In what turned out to be Drogba’s final cap for the national team, manager Sabri Lamouchi tabbed Drogba as a starter for the squad’s match against Greece. He, along with Gervinho, was replaced in the late stages of the match as Ivory Coast pushed to take a lead in the match, which was knotted at one goal apiece. Ivory Coast ended up conceding a penalty in injury time of the second half and came out on the wrong side of, yet again, a 2-1 score.(8)

They were eliminated from World Cup contention in the group stage for the third consecutive tournament. Following the tournament’s conclusion, Drogba retired from international competition with the Ivory Coast national team.(9)

Click here to return to the Players to Watch home page.

Continue on to Group C – Japan: Endo Yasuhito

Group C – Colombia: Radamel Falcao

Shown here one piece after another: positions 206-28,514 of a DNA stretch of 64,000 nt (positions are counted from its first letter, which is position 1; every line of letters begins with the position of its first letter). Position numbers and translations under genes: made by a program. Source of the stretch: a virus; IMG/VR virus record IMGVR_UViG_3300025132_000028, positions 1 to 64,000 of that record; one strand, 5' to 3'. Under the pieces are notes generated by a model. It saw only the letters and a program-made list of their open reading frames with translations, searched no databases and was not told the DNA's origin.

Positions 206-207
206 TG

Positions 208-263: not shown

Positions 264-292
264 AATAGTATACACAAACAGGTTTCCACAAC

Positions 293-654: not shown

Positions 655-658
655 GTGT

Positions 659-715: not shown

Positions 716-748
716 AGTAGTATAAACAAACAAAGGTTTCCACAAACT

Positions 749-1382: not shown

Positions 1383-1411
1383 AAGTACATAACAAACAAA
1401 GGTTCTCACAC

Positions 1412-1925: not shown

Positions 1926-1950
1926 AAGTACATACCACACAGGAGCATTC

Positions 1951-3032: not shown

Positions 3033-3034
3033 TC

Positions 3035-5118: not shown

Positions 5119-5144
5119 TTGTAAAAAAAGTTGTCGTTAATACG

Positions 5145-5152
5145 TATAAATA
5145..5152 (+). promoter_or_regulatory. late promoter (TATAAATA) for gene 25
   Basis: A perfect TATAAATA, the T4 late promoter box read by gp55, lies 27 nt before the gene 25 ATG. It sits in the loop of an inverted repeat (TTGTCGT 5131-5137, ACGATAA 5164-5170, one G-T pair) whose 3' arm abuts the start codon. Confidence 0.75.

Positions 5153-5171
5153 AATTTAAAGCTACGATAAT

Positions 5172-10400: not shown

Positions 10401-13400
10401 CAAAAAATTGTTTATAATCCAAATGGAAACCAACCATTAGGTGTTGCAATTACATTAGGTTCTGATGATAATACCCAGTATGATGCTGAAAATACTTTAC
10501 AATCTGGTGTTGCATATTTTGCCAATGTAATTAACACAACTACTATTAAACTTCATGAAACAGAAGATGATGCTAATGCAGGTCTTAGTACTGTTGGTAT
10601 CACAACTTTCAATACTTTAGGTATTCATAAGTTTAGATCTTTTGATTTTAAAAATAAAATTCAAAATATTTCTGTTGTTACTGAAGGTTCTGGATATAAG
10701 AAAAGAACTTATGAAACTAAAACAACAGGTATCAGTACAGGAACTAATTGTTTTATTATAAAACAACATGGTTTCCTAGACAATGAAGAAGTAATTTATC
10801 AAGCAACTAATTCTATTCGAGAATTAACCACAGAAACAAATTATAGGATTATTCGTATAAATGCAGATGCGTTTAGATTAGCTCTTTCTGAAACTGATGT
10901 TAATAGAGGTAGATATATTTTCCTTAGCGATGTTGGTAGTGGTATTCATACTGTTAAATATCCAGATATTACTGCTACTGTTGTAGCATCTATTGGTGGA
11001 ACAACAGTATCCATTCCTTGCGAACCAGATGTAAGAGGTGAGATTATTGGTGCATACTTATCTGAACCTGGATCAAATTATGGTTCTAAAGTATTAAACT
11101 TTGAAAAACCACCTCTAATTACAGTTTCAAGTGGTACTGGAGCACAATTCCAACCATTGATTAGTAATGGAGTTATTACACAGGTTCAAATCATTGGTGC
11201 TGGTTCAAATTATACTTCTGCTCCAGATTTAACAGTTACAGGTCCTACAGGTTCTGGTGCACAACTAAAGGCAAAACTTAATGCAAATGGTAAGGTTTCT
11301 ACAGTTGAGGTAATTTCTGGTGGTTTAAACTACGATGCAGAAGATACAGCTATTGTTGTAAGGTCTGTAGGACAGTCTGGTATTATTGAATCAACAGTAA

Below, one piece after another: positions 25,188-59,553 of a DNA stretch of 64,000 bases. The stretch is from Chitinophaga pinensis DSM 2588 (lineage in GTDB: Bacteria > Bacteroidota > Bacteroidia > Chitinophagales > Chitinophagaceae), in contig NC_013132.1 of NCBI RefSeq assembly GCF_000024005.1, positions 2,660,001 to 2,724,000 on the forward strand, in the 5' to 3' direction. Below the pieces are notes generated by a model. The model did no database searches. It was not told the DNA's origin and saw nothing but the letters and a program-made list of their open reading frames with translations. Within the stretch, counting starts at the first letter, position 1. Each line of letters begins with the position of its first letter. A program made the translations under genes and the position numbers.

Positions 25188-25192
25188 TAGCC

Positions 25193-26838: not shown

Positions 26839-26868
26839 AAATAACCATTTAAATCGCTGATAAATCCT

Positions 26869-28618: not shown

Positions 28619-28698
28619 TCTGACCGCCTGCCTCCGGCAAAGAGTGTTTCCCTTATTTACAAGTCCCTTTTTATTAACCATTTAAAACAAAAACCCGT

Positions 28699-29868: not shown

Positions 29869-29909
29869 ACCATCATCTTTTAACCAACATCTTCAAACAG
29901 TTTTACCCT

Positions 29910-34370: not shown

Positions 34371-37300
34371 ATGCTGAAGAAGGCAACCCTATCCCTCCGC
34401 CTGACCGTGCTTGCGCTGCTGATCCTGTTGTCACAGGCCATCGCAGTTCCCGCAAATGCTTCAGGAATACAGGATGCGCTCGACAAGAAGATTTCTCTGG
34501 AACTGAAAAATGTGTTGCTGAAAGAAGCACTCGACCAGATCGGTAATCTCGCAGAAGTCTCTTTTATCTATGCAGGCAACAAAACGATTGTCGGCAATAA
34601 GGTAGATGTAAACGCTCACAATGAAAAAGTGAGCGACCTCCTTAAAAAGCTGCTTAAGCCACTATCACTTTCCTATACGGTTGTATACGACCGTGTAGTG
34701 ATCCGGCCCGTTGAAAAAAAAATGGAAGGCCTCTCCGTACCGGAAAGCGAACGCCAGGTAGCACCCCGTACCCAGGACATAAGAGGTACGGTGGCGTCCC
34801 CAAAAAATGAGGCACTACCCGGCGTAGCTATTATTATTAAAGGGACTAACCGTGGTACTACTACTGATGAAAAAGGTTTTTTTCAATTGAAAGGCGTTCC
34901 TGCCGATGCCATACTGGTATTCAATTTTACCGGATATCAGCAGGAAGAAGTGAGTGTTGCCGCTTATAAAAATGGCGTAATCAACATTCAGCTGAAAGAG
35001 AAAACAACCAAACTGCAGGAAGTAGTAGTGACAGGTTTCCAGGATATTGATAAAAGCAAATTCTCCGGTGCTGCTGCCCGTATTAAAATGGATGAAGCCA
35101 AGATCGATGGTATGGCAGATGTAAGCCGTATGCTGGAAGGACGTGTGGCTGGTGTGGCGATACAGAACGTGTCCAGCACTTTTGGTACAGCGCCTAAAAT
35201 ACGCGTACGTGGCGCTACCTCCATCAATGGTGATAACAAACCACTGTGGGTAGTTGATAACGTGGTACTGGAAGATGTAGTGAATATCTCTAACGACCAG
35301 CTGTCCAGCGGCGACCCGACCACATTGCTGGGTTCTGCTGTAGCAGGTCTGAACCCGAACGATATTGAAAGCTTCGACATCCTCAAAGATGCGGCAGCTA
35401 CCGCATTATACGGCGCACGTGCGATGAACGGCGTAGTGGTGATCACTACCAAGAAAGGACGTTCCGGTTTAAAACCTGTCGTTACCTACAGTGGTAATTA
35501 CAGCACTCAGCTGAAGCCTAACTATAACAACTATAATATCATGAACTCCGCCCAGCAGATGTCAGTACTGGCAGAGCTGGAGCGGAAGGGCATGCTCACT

Group C – Greece: Giorgos Karagounis

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Learn about the Ivory Coast’s National Anthem


How to cite this article: “Ivory Coast: Didier Drogba” Written by Colby Leachman (2013), World Cup 2014, Soccer Politics Blog, Duke University, http://sites.duke.edu/wcwp (accessed on (date)).


Works Cited:

(1) http://www.didierdrogba.com/en/biographie/enfance.asp

(2) http://www.theguardian.com/football/2006/nov/25/newsstory.sport4

(3) http://www.premierleague.com/en-gb/news/news/2011-12/mar/drogba-dedicates-goal-century-to-fans.html

(4) http://espnfc.com/columns/story?id=723352&cc=5901

(5) http://www.cafonline.com/competition/african-cup-of-nations_2012/match1518/live

(6) http://www.telegraph.co.uk/sport/football/world-cup/10900811/Ivory-Coast-v-Japan-Didier-Drogbas-arrival-sparks-2-1-comeback-win-in-World-Cup-2014-opener.html

(7) http://www.theguardian.com/football/2014/jun/19/colombia-ivory-coast-group-c-world-cup

(8) http://www.theguardian.com/football/2014/jun/24/greece-ivory-coast-world-cup-2014-match-report

(9) http://www.espnfc.com/ivory-coast/story/1977476/chelsea-striker-didier-drogba-retires-from-ivory-coast-international-football